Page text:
So while “modern” does equal electricity, it does not equal running water! A water pump is right across the road, so you are able to fill up containers easily, but we definitely expected to have a sink inside the cabin!
The cabins use the bathroom and shower house located between sites #15 and #17.
I wish I had good things to say about it, but…
The bathrooms were not clean and the showers weren’t working well when we visited.
As if the timer buttons *UGH!* didn’t make the shower awful enough, the water was quite cold despite the dial appearing to have a hot water option.
While we found the bathroom and shower house disappointing, our cabin itself was quite clean. In addition, its location along Beach Trail is convenient to the main attraction, Falls Trail.
Trails and Wildlife
Ricketts Glen State Park has 28 miles of trails, but most people come to the park to see the 21 waterfalls along Falls Trail.
You can hike 7.2 miles along Falls Trail to cover all 21 waterfalls, but you can also cut part out to do 3.2 miles and still see 18 of them.
On the day we hiked, a torrential downpour happened for a few hours in the morning – lucky for us (and our reactive dog, Franklin), that meant less hikers in the park and on the trails!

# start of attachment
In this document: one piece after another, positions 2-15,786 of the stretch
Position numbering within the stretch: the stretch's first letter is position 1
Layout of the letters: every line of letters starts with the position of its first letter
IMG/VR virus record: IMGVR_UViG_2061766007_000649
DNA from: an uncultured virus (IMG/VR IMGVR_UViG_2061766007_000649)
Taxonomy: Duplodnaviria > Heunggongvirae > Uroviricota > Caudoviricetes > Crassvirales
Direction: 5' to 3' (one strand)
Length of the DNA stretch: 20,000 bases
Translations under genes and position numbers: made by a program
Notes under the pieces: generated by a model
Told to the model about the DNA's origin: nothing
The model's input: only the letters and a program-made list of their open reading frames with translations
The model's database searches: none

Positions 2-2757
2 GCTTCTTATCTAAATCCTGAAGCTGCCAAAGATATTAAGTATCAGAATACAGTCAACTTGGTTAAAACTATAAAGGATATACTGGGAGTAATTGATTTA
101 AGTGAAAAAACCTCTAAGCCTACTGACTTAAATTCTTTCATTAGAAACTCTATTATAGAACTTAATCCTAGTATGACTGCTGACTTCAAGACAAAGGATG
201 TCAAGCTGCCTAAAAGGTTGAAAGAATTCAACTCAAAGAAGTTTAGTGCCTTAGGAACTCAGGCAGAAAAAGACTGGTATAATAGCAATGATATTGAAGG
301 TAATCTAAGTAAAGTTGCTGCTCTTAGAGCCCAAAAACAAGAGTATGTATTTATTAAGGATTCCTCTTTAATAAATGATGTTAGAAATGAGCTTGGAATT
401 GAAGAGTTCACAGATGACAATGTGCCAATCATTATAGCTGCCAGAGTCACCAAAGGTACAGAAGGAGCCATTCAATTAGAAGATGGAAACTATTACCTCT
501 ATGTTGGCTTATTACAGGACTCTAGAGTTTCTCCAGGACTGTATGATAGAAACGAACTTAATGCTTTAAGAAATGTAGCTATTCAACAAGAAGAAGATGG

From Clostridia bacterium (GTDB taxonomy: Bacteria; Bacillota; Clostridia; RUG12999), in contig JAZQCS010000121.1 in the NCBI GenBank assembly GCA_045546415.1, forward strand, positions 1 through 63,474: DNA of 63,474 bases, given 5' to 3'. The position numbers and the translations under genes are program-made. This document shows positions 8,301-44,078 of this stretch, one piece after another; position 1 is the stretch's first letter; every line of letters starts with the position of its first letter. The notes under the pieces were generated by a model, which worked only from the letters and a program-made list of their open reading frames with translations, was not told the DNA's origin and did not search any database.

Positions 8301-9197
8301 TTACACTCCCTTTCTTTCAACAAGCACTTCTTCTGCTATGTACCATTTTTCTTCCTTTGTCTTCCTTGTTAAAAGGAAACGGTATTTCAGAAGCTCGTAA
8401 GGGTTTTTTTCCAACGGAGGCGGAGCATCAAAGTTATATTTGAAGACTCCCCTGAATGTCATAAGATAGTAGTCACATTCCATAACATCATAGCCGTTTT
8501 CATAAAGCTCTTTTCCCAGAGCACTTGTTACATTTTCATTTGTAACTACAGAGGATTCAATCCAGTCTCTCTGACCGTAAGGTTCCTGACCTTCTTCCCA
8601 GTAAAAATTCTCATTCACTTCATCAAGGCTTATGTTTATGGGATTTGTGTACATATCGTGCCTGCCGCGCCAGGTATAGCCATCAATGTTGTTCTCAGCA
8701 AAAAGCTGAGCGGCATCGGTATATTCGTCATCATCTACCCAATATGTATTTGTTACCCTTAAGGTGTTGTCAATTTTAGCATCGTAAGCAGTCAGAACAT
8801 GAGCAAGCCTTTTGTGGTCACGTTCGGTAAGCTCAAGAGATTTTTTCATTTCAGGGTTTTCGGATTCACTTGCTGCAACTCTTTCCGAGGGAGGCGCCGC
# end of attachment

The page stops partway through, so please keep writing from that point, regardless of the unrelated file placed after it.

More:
We began our day on Beach Trail, which was right outside our cabin door. The wildlife sightings started almost immediately when I spotted this guy right off the lake shore:
Ironically, I had been reading Secrets of Snakes, and knew he was a non-venomous water snake!
Walking along Beach Trail, we also saw signs of wildlife – our first bear poop sighting of the year!
At the end of Beach Trail, we arrived at (surprise!) the beach – which was completely empty after the morning downpour – and Beach Lot #2 Trailhead.
Once you’re at Beach Lot #2 Trailhead, you’ll see plenty of signs directing you to Falls Trail.
More guide signs on the trail show you the hiking options, waterfall heights, and waterfall names.
We decided to do the “V” to see 18 of the 21 waterfalls and end in Lake Rose Trailhead Parking.
What an adventure! The earlier downpour made this one of the most precarious trails we’ve ever tackled – especially with two dogs!
BUT WE LOVED IT! What an amazing network of stone stair cases, rock scrambles, and places to let the dogs take a dip.